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AI / Large Language Models / Open Source

MosaicML Launches 30B Model — Takes on LLaMA, Falcon and GPT

MosaicML has launched MPT-30B, which founder Naveen Rao claims out-performs both LLaMA and Falcon in certain use cases for enterprise devs.
Jun 22nd, 2023 7:00am by
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MosaicML is launching its second open source large language model (LLM), called MPT-30B, which follows on from the smaller MPT-7B model it debuted in May.

To discuss the new model and what it means for developers, I spoke to MosaicML co-founder and CEO, Naveen Rao. His previous startup was Nervana, a deep learning company that was acquired by Intel in 2016 — so he’s no johnny-come-lately in the AI industry.

As the name suggests, MPT-30B is a 30-billion parameter model. The company claims that it surpasses OpenAI’s GPT-3 in quality, despite having about 1/6th the number of parameters (GPT-3 has 175 billion). “This means MPT-30B is easier to run on local hardware and much cheaper to deploy for inference,” the company says.

MosaicML vs. LLaMA and Falcon

MPT-30B was trained on longer sequences (up to 8,000 tokens) than other models, including GPT-3, LLaMA and Falcon (2,000 tokens each). According to MosaicML, “It is designed to handle even longer sequences in practice, making it a perfect fit for data-heavy enterprise applications.”

In practice, what this means is that users can enter longer prompts. Indeed, MosaicML’s previous 7B parameter model comes with a fine-tuned option, called MPT-7B-StoryWriter-65k+, that has a massive 65,000 “context length.”

“Longer context [lengths] means more flexible usages,” said Rao. “We’re going to have fine-tuned versions that are especially good for writing prose — for writing longer outputs.”

MosaicML platform

The MosaicML platform; via its company blog

Another difference Rao wanted to highlight was its attention mechanism. When Google published its now famous 2017 paper about transformer technology, “Attention Is All You Need,” it noted that “multi-headed self-attention” was the training mechanism that provided its breakthrough for AI (an insight that OpenAI then borrowed to build GPT).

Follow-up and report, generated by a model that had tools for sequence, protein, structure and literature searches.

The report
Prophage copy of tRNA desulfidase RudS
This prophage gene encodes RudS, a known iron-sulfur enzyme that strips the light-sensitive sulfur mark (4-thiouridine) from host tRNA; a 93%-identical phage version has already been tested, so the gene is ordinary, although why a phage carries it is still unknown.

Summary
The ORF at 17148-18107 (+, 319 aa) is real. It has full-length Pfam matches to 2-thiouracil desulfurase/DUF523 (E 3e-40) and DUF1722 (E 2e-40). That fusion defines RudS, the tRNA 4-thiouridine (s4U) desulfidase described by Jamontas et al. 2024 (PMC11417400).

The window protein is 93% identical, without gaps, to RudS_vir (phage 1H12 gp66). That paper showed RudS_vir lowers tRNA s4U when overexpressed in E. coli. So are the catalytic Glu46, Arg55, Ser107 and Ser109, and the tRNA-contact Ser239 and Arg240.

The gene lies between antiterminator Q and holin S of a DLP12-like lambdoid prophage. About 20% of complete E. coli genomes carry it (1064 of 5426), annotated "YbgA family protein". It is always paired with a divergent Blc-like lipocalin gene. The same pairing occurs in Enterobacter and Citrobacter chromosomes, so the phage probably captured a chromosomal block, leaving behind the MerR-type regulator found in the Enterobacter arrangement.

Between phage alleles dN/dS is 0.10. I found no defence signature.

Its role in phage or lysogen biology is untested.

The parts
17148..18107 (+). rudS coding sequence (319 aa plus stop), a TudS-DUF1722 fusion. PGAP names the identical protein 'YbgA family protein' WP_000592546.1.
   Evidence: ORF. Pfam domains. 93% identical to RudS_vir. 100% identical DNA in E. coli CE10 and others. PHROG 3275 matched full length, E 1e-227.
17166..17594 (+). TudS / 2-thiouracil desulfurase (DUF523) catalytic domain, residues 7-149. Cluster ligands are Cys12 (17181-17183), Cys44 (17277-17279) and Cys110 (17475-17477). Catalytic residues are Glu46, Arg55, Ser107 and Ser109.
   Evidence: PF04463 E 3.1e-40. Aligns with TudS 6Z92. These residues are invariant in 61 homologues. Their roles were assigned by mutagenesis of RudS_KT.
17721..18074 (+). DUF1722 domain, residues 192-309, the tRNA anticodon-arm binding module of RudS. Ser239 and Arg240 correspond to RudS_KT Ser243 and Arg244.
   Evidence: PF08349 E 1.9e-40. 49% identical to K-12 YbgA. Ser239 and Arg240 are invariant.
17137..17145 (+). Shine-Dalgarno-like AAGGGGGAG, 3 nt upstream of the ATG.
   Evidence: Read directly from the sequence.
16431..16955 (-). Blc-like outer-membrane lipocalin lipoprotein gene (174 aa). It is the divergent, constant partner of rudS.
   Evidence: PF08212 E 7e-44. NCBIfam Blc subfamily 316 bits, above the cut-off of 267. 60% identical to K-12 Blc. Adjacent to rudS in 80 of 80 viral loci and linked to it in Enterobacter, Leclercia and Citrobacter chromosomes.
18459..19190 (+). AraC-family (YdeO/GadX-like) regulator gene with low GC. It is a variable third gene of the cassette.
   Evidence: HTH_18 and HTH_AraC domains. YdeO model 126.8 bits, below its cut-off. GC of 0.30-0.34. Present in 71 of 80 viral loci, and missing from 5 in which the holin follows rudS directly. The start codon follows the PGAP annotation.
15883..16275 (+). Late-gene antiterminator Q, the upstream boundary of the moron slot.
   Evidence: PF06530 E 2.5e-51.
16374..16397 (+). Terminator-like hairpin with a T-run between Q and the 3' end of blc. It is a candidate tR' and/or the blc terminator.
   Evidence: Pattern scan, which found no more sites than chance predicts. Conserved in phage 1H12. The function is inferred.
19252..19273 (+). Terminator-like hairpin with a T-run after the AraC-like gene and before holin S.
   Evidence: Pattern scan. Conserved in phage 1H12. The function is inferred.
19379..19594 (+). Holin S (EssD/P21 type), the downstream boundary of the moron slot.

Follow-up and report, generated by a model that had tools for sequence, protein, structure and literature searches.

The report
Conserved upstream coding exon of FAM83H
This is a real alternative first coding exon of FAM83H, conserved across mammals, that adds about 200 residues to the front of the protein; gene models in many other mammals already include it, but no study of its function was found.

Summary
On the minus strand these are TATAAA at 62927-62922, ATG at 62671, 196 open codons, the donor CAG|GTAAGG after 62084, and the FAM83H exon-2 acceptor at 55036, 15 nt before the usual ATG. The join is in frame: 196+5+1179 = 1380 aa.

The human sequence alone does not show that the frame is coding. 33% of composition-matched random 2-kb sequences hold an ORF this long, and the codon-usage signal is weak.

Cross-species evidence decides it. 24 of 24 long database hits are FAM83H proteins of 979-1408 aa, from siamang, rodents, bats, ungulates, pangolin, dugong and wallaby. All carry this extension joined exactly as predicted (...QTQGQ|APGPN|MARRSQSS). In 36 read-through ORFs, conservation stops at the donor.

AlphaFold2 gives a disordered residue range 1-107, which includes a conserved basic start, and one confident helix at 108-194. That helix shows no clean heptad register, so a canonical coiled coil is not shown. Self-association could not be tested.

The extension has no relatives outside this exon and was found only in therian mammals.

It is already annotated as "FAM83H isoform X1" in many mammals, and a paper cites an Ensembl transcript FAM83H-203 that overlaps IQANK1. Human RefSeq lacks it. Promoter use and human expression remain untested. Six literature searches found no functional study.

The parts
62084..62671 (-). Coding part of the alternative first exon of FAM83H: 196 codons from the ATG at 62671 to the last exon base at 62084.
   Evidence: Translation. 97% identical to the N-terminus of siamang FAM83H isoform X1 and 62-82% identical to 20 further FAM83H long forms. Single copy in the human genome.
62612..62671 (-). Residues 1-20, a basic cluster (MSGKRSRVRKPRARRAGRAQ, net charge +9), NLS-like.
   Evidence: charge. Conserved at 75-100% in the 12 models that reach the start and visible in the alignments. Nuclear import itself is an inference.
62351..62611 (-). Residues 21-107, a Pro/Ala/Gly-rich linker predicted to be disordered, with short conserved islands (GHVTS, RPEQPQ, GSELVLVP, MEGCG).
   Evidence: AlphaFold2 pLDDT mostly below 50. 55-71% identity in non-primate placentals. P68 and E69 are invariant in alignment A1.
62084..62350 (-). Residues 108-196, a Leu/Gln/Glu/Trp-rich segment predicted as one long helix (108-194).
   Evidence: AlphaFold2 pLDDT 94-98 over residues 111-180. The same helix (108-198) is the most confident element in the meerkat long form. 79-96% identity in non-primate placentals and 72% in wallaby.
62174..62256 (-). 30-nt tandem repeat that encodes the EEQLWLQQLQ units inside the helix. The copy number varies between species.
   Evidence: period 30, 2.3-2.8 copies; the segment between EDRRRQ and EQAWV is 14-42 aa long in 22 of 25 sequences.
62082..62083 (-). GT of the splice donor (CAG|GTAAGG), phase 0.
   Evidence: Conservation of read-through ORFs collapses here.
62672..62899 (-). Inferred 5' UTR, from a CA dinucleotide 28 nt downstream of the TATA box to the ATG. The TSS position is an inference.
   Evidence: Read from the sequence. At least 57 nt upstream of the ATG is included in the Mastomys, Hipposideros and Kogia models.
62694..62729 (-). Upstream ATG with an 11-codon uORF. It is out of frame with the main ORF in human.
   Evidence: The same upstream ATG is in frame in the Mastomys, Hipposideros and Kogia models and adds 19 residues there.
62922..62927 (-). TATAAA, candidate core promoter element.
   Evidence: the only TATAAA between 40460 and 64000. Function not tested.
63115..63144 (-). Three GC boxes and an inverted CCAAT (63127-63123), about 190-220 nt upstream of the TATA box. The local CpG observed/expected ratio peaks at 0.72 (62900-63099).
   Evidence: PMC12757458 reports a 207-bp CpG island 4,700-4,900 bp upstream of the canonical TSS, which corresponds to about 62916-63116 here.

“Attention is the intrinsic part to transformer models,” explained Rao. “That’s actually what allows them to see connections across a sentence, or a paragraph, or a whole corpus of text.”

Rao told me that MosaicML utilizes a technique called “FlashAttention,” which was the subject of a 2022 academic paper.

“It enables you to have faster inference and training — both Falcon and LLaMA do not have this,” he said. “So ours are actually more efficient from a computing perspective.”

Rao added that the new model is more appropriate for enterprise use, because it is “right-sized” to “fit into the constraints of real hardware.” He noted that deep-learning GPUs typically use 40-80 gigabytes of memory. According to Rao, the open source Falcon LLM struggles with this constraint.

“Oddly enough, the Falcon model that they released is a 40 billion parameter model. This doesn’t fit very easily into an 80-gig GPU, because it’s butting right up against the edge.”

He added that its own 30 billion parameter model is smaller in order to better optimize for GPUs. “It doesn’t really hurt us on performance and it will allow you to very easily fit into an 80-gig GPU,” he said.

Rao claims that its new 30B parameter model also compares favorably to both LLaMA and Falcon in performance.

“We’re actually training on less compute, because of our efficiency methods, than LLaMA and Falcon. So it’s actually much cheaper to train. But we’re basically on parity. It depends on the evaluation metric — like, for coding, this model actually does considerably better than those two. On other things, it’s a little bit worse.”